Not Indigenous                                         65           12.9%
                                                                         Total                                                 505            100%
Spent Time in CFS Care                                                                                   N = 999; Missing 71
Male                                                47.5%                   “He was a father whose kids had been in care but
Female                                                         59.4%       thankfully now were with his granny. He didn’t want
                                                                            them to experience what he had. He tries really hard
         “One woman went into foster care at age 11                               but his addictions get the best of him.”
        when her mother was admitted to a sanatorium                                                     Volunteer Surveyor
         with Tuberculosis. At age 10, she took care of
          her younger siblings for one year before an
           agency became aware of her situation.”                       17        Brownell Marnie, M. Chartier, W. Au, L. MacWilliam, J. Schultz, W
                                Volunteer Surveyor                      Guenette, and J. Valdivia. 2015. The Educational Outcomes of Children in Care in
                                                                        Manitoba Winnipeg: Manitoba Centre for Health Policy.
 22
Winnipeg Street Census 2018                                                                                                                                        Experiences

c. Use of Emergency Shelters
Among respondents who were not staying in emergency shelters
at the time of the Street Census, 340 (45.6 percent) had not stayed
in a shelter at all over the past year.

             Table 14. Stayed in an Emergency Shelter in the Previous Year (Including currently staying in emergency shelter)
                                Female / Woman                                        Male / Man                                     Non-Binary Gender Unknown
                     Frequency                   Percentage             Frequency                  Percentage                      Frequency                  Percentage
 No                          115                      37.1%                     207                      32.0%                            10                       47.6%
 Yes                         195                      62.9%                     439                      68.0%                            11                       52.4%
 Total                       310                     100.0%                     646                     100.0%                            21                      100.0%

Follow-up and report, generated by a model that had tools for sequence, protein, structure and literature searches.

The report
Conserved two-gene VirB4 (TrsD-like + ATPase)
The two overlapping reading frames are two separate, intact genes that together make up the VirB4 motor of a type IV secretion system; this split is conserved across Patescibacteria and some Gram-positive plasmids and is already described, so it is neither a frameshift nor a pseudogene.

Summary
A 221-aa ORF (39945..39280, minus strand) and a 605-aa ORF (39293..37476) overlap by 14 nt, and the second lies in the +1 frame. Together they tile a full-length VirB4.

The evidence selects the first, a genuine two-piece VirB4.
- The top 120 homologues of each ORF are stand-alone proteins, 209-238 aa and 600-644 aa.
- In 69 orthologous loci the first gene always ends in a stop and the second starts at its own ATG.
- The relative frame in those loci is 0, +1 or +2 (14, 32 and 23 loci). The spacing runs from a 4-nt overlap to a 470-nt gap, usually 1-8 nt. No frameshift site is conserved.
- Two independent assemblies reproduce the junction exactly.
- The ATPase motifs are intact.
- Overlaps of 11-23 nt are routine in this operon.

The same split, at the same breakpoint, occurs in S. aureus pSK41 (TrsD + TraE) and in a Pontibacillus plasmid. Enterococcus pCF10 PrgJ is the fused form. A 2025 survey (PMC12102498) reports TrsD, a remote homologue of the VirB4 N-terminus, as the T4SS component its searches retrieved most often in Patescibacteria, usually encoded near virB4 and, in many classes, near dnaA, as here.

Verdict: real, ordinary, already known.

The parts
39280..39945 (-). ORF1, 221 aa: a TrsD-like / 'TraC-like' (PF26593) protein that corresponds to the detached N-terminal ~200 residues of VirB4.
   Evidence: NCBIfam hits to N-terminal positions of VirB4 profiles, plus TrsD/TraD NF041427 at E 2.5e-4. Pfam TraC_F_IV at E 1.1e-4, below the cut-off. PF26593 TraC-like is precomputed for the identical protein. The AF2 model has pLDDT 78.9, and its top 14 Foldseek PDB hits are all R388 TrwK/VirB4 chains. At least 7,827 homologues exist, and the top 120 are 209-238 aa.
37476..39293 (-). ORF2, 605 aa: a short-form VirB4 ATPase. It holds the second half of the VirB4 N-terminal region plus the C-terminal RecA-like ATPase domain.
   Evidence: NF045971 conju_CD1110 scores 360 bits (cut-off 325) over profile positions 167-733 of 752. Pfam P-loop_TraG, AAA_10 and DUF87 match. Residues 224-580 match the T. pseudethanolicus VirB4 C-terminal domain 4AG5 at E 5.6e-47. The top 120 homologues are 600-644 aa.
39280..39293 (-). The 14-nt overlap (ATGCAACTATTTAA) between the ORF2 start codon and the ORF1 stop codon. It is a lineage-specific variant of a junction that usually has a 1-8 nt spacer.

Of these, 183 provided reasons they did not stay at shelters.
Most commonly, respondents said they preferred to stay other                                      “One man told us that they need more shelters
locations, including with friends or family or outside (59.7
percent). Other common reasons respondents gave included
                                                                                                   and more beds. Some nights he sleeps in the
fear for safety, being unable to sleep or finding shelters to be                                        park because he can’t find a bed.”
unsanitary, bedbugs or pests, or they were turned away. Three                                                                 Volunteer Surveyor
(3) people said they didn’t know where to go or how to access
emergency shelters. Though this provides useful indications of                            Table 16: Reasons for Not Staying at Emergency Shelters by
reasons people do not access emergency shelters, a more in-
                                                                                                                    Gender
depth study would be needed to understand the reasons people
say they prefer to stay other places.                                                                                                          Female                Male
Amongst those who reported “fear for safety” as a reason for not                                                                          Percentage             Percentage
staying in emergency shelters, 14 were women, 28 were men and
                                                                                          Prefer to stay in other locations                     43.1%                 75.2%
one was two-spirited.
                                                                                          Fear for safety or other anxiety                      36.2%                 17.1%
          “It was the last interview of the morning, and                                  Bed bugs and other pests                              20.7%                  8.5%